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Official lines are often just that --- tell the big li(n)e.

 

The CME is just serving the people who buy them lunch so they look after their friends. Obviously the small traders need to start buying them lunch (can you even get into the same clubs) or democracy will continue to act as it always has. It is moderated by the need to keep the peasants happy but it spends a lot of time figuring out how to support its supporters.

 

Follow the money and the free lunches :)

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Browns-->So you don't read price action around support and resistance levels? Very often in the past the smart money would turn before the dumb money did at S/R levels. It was a great tell.

 

Yes, I read the 'price action' at s/r levels. That's pretty much all I do. And for that, I don't need or use the tape or trying to find big orders. The big orders are there and it's fairly obvious (on most days). ;)

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Yes, I read the 'price action' at s/r levels. That's pretty much all I do. And for that, I don't need or use the tape or trying to find big orders. The big orders are there and it's fairly obvious (on most days). ;)

 

I think we have different definitions of what "price action" is and is not. In order to avoid confusion, what do you consider "price action" and how do you watch it (chart, footprint, etc.)?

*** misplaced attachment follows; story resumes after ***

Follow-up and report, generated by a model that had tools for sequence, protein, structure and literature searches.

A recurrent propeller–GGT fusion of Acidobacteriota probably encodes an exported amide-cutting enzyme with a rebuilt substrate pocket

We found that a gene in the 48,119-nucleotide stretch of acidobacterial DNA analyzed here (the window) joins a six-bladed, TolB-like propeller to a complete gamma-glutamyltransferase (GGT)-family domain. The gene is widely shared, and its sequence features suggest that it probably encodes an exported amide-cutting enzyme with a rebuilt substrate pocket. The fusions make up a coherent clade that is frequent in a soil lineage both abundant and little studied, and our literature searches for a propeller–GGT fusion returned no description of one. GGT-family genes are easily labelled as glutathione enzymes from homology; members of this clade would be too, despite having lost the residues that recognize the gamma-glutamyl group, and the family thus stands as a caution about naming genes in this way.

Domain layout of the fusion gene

I'm curious as to how you spot these "fairly obvious" big orders and how you apply this information (playing for breakout or playing reversion). Or, do you look to fade every S/R level no matter what knowing that the odds of a reversion outweigh the odds of a breakout, thus putting probability of success in your favor?

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I think we have different definitions of what "price action" is and is not. In order to avoid confusion, what do you consider "price action" and how do you watch it (chart, footprint, etc.)?

 

I'm curious as to how you spot these "fairly obvious" big orders and how you apply this information (playing for breakout or playing reversion). Or, do you look to fade every S/R level no matter what knowing that the odds of a reversion outweigh the odds of a breakout, thus putting probability of success in your favor?

 

I agree that the phrase 'price action' is tossed around forums as the current gotta have it phrase. For me, price action means what I'm seeing on my charts. I use basic candlestick charts and moderate the candlestick corner, have my levels I'm looking for and that's it.

 

Great 2nd part ... Personally, I'm a 'flexible price action trader'. I like to refer to it as FPAT. :) All kidding aside, when price reaches my target area, I'm looking to ride the wave - up or down. That means sometimes I get tossed around a bit until it decides where it wants to go, but usually I can be flexible enough to ride the wave of volume to the next destination. In other words, when my timing is right on (like today's grain trades) I'm fading OR going with the breakout and it's 1 trade and done. Other days, I might have to fire a few bullets before I hit my target.